The wind in Giles’s face was cold and dry. The air crackled with static. The sky stretched up forever above them, the stars almost bright enough to read by. Somewhere far down below them was civilization and a salt lake, but they both faced away from it. In front of them lay a little cabin, a vacation home for wealthy skiers, now a home for something else. Their quarry.
The demons were late. They’d been there long enough to leave traces; if Faith were assigned the job of tracking themselves she’d be able to tell him how long the two of them had lain there in the snow and the pine needles.
The only sounds in the dark were the wind and Faith, swearing softly to herself as she fiddled with her mobile. Then Giles shifted and sat up. That was an engine. He adjusted the focus on his night-vision goggles and scanned away from the door toward the long drive. They were perfectly positioned. Faith was, he thought, nearly brilliant at this work.
“Car in the drive,” he said. “Just a moment. Yes. It’s our demon.”
In the goggles, the car was a blaze of greenish heat against the black night cold. The demon was a brighter blob of light, vaguely man-shaped, moving around it. The rear hatch opened, closed. The demon went to the front door and opened it onto a flare of light and heat. Giles blinked, and the goggles dimmed the intensity. More movement. The door shut.
“It’s gone inside. Time to move, Faith. Faith?”
“What’s the fuss?”
“Dawn sent me pictures. What she’s wearing to the party. Tomorrow night. Tonight their time, I guess.”
There was mobile service up here? Giles looked west; the lights on the valley floor weren’t far away as the crow flew. Though it seemed half a world away to him now, as far away as Dawn and the others.
“Time to get to work,” was all he said. But Faith had already zipped the phone away in her jacket, was already stretching to warm for action. She pulled her knife out of the sheath, checked it, then re-sheathed it loosely. Giles did the same. He had a small crossbow for mid-range fighting, but he would likely have no use for it.
It was a few hundred yards to the cabin, enough to get his blood flowing again. The snow hushed everything, including what little noise he made as they moved. Faith was utterly silent. Perfect control of her body. Peak form. He’d give her that assessment later, after the action was over.
Faith flattened herself against the cabin door and listened intently for a minute. She nodded to him then cautiously reached down and tried the knob. It turned. She met his eyes and he nodded and looked away from her. Toward the door, toward where the room would be when she–
Faith slammed the door open.
She went low and he went high. Inside, into warm air and light. No motion, the pit demon sitting at a barstool, just now reacting to their entry, turning, erecting the spines along its arms in alarm. Left, fireplace, clear, right, a second pit demon. Two? One must have been already in the house. All day? Giles didn’t think about it further. He let the crossbow bolt loose and it thunked into the thing’s leg. It screamed and leaped. The next moments were a blur-- Faith moving across his field of view, knife flashing. The smaller one on the floor but moving fast, lashing out, catching Giles in the ankle.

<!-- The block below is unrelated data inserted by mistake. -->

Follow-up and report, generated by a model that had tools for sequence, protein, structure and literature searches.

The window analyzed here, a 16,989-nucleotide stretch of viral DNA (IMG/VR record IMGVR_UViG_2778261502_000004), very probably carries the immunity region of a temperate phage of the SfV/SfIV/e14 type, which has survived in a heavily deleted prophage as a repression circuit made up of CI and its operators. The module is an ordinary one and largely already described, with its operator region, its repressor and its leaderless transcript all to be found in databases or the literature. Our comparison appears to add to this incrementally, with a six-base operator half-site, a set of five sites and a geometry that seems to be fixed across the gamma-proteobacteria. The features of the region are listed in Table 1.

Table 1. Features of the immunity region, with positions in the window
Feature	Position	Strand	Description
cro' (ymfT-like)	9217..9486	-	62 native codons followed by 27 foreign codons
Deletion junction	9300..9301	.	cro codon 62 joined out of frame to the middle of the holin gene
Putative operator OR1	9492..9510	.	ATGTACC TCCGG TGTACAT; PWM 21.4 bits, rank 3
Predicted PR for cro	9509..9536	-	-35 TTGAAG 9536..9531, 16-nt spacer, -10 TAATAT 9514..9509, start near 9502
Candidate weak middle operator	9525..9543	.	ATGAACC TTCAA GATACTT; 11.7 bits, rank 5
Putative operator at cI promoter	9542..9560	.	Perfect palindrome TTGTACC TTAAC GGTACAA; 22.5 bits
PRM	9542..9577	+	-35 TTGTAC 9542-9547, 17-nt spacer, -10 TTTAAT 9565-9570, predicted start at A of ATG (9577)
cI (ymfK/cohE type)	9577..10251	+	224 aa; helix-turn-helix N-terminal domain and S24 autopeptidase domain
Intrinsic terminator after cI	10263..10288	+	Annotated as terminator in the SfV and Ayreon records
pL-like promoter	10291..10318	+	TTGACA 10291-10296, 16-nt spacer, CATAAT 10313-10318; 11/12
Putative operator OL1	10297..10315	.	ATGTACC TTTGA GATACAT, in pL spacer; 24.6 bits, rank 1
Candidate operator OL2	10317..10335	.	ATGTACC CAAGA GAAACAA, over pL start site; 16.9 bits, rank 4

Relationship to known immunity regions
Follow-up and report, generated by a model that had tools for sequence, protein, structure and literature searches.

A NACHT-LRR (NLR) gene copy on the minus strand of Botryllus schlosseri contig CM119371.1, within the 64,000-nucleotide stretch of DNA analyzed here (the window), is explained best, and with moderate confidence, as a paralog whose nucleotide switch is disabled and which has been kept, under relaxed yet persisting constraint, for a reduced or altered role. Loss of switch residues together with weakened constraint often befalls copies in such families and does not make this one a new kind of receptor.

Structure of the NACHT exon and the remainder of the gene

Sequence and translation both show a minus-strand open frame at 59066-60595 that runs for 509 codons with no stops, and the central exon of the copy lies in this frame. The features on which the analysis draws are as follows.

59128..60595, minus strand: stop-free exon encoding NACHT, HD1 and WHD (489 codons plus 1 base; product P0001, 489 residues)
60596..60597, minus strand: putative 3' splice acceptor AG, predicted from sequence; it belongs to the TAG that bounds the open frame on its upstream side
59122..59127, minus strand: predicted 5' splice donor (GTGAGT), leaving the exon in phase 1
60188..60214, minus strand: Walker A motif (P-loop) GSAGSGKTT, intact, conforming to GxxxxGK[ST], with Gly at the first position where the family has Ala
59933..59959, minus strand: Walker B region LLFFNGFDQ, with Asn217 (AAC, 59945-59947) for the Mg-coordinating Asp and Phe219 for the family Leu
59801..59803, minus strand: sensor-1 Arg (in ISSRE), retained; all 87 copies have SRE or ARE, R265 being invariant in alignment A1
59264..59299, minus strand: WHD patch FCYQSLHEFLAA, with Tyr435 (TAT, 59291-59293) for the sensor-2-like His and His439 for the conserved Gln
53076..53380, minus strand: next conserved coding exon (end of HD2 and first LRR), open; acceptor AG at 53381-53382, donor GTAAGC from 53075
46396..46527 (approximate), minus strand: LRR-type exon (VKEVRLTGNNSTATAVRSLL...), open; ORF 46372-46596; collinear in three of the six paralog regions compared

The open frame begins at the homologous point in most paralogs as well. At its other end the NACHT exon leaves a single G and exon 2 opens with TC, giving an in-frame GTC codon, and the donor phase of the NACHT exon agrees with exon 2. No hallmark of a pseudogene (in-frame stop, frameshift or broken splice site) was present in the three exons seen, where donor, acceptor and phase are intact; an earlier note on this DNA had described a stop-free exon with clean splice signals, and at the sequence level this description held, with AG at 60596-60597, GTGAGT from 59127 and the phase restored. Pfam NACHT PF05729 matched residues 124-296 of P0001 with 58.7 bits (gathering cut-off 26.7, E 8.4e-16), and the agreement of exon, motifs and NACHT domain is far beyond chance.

He went down, more in surprise than pain, came up again, knife out. Kicked it with his good foot, then threw the knife down into its chest. It thrashed. Mortally wounded. Then Faith was there, gripping it by the head and twisting.
“Fucker,” she said. “Sneaky little fucker.”
Giles let himself stagger backwards. He caught himself against the edge of something. A countertop. The wet bar where the first demon had been sitting. Faith picked up the smaller pit demon and marched out the door with it. Giles breathed and felt time slow down again. Adrenaline faded, leaving that familiar sick feeling in his stomach, the metallic taste in his mouth. And his ankle burned. He looked down, saw blood.
Faith came back in through the front door. “Got 'em in a snowdrift. They’ll keep till spring, prolly, unless-- Fuck, G, they get you?”
Giles let himself collapse to the floor, his back sliding down the bar as his knees let go. Faith was there before he could manage to undo his thermal trousers. She had her knife out and was slicing his trouser leg to ribbons before he could ask her to. She’d taken that training seriously too, it seemed, as seriously as the tactical lessons he’d given her. She found motel rooms as boring as he, those long nights with nothing to do but watch that interminably boring fellow on the Tonight Show. Though they’d found some other occupations.
He forced himself to focus on the here and now and look at it. Yes, he’d taken a spine. More. Three spines. The poison was mild, but they had to get them out quickly or he’d be raving by morning. Faith did something to his ankle and he choked on an oath.
“Where’s the medkit?” she said.
“In the car,” Giles said. A mile away, across snow-blanketed forest. His cold-weather clothes were in shreds on the floor and his sock was bloody. She’d have to fetch it on her own. Half an hour at best, there and back, in these conditions. “Keys in my hip pocket.”
Faith sprang up from her crouch and vaulted over the bar. He heard the glasses clanking and cabinet doors banging open. “Gotta be something here. This is a cabin? These demons must have been stinkin’.”